The main memory may be implemented in various memory sources, such as dynamic random-access memory (DRAM), a hard disk drive (HDD) 220, or a memory source located remotely from the computer system via network interface 230 containing various storage devices and technologies. The cache memory may be located either within the processor or in close proximity to the processor, such as on the processor's local bus 207.
Furthermore, the cache memory may contain relatively fast memory cells, such as a six-transistor (6 T) cell, or other memory cell of approximately equal or faster access speed. The computer system of FIG. 2 may be a point-to-point (PtP) network of bus agents, such as microprocessors, that communicate via bus signals dedicated to each agent on the PtP network. Within, or at least associated with, each bus agent may be at least one embodiment of invention 206. Alternatively, an embodiment of the invention may be located or associated with only one of the bus agents of FIG. 2, or in fewer than all of the bus agents of FIG. 2.
Similarly, at least one embodiment may be implemented within a point-to-point computer system. FIG. 3, for example, illustrates a computer system that is arranged in a point-to-point (PtP) configuration. In particular, FIG. 3 shows a system where processors, memory, and input/output devices are interconnected by a number of point-to-point interfaces.
The system of FIG. 3 may also include several processors, of which only two, processors 370, 380 are shown for clarity. Processors 370, 380 may each include a local memory controller hub (MCH) 372, 382 to connect with memory 32, 34. Processors 370, 380 may exchange data via a point-to-point (PtP) interface 350 using PtP interface circuits 378, 388. Processors 370, 380 may each exchange data with a chipset 390 via individual PtP interfaces 352, 354 using point to point interface circuits 376, 394, 386, 398. Chipset 390 may also exchange data with a high-performance graphics circuit 338 via a high-performance graphics interface 339. Embodiments of the invention may be located within any processor having any number of processing cores, or within each of the PtP bus agents of FIG. 3.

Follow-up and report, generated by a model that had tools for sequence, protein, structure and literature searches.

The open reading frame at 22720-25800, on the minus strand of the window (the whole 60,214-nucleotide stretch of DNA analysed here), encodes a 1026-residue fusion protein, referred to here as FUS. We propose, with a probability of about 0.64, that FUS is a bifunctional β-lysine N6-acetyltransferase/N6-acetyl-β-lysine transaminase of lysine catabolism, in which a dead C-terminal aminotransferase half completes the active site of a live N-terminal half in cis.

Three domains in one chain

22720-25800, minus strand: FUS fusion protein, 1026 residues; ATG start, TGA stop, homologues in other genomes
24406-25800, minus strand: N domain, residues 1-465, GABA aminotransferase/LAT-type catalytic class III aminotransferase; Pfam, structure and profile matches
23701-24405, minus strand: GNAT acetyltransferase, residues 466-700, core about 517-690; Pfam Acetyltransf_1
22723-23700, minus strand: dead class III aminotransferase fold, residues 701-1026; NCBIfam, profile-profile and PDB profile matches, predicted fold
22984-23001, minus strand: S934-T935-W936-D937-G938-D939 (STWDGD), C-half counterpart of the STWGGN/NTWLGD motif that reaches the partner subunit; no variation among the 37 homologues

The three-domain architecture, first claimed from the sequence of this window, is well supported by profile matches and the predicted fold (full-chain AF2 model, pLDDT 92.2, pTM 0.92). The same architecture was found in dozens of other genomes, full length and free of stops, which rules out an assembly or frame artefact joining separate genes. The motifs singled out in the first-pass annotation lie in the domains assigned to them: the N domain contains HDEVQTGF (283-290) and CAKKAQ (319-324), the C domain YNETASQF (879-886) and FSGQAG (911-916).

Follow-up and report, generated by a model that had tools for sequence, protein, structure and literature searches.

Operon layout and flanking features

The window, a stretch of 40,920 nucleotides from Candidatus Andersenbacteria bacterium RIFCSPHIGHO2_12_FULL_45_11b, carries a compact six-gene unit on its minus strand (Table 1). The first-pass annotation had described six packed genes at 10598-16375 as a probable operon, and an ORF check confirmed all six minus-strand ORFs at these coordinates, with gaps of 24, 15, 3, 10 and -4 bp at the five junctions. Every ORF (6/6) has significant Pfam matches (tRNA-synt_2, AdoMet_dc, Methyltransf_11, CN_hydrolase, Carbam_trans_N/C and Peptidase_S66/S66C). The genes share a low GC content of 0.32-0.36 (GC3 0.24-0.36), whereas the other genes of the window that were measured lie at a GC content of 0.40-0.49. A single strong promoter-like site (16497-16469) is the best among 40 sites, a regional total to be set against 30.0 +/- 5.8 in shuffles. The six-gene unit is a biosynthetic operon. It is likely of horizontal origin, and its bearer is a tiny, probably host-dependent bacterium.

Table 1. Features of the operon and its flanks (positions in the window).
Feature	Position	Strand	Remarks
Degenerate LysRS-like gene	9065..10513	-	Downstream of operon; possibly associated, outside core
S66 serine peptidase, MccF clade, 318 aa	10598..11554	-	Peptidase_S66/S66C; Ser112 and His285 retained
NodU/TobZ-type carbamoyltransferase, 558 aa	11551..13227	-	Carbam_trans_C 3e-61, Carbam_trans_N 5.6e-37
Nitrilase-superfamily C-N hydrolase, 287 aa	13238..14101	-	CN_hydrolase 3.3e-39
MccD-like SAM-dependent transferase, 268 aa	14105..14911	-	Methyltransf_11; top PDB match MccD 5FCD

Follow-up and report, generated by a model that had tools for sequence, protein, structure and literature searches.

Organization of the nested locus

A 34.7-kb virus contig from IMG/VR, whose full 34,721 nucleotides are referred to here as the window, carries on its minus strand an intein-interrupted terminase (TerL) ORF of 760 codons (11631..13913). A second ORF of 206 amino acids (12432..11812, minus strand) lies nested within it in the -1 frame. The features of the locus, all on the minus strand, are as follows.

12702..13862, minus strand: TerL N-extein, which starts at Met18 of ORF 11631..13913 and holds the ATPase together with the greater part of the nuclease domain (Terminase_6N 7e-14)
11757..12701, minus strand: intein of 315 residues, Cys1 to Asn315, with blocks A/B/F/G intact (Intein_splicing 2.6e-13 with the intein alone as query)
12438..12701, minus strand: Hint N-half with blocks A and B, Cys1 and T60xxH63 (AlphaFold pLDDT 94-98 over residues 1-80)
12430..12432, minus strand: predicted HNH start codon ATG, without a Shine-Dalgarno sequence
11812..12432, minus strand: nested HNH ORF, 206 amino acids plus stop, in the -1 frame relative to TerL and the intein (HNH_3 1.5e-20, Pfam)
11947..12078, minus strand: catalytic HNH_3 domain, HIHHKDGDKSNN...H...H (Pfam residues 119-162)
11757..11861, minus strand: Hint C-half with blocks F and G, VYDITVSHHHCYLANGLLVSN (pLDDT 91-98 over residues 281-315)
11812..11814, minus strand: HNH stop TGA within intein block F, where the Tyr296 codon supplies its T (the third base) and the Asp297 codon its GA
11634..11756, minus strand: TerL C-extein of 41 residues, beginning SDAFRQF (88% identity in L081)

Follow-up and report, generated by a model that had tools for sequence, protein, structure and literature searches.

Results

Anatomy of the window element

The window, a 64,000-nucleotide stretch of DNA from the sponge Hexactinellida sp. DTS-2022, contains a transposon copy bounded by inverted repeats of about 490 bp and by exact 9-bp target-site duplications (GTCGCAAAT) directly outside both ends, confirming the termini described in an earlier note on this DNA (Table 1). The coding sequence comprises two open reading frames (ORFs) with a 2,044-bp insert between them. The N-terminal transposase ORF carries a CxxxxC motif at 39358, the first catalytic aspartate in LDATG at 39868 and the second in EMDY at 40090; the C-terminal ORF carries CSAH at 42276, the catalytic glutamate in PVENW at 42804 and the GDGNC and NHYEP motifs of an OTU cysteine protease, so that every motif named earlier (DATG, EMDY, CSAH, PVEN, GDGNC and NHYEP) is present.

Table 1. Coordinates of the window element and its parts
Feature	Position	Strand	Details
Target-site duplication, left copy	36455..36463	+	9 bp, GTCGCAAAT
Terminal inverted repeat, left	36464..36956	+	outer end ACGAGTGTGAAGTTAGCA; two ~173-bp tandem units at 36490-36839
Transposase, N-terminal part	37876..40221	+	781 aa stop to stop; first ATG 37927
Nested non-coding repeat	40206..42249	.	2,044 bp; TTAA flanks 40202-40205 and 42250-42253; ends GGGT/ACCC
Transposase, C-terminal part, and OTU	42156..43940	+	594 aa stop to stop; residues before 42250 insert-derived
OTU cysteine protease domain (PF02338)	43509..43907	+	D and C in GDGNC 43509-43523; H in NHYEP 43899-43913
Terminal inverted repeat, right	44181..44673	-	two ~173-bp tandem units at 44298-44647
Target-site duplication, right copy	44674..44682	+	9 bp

Other embodiments of the invention, however, may exist in other circuits, logic units, or devices within the system of FIG. 3. Furthermore, in other embodiments of the invention may be distributed throughout several circuits, logic units, or devices illustrated in FIG. 3.
Each device illustrated in FIGS. 2 and 3 may contain multiple cache agents, such as processor cores, that may access memory associated with other cache agents located within other devices within the computer system. FIG. 4, for example, illustrates a network of cache agents, such as processor cores, within one of the processors illustrated in FIG. 3. In particular, FIG. 4 illustrates a network of cache agents, such as processor cores, within a microprocessor, in which the cache agents may communicate via two bi-directional signals, an address signal and a non-address signal, which may be conceptualized as four uni-directional rings 415, 416, 417, and 418, two of which (415 and 416) are capable of transmitting information in a first direction and two of which (417 and 418) are capable of transmitting information in a second direction during odd and even clock cycles, respectively. The network 400 illustrated in FIG. 4 includes a first set of caching agents 401, 403, 405, and 407 that correspond to a first caching protocol agent (“protocol agent”) 409 and a second set of caching agents 402, 404, 406, and 408 that correspond to a second protocol agent 410. In other embodiments of the invention, cache agents may be interconnected in other topologies.
For the sake of illustration, an embodiment of the invention is discussed below that may be implemented in a p2p computer system, such as the one illustrated in FIG. 3. Accordingly, numerous details specific to the operation and implementation of the p2p computer system of FIG. 3 will be discussed in order to provide an adequate understanding of at least one embodiment of the invention. However, other embodiments of the invention may be used in other computer system architectures and topologies, such as the shared-bus system of FIG. 2. Therefore, reference to the p2p computer system of FIG. 3 should not be interpreted as the only computer system environment in which embodiments of the invention may be used. The principals discussed herein with regard to a specific embodiment or embodiments are broadly applicable to a variety of computer system and processing architectures and topologies.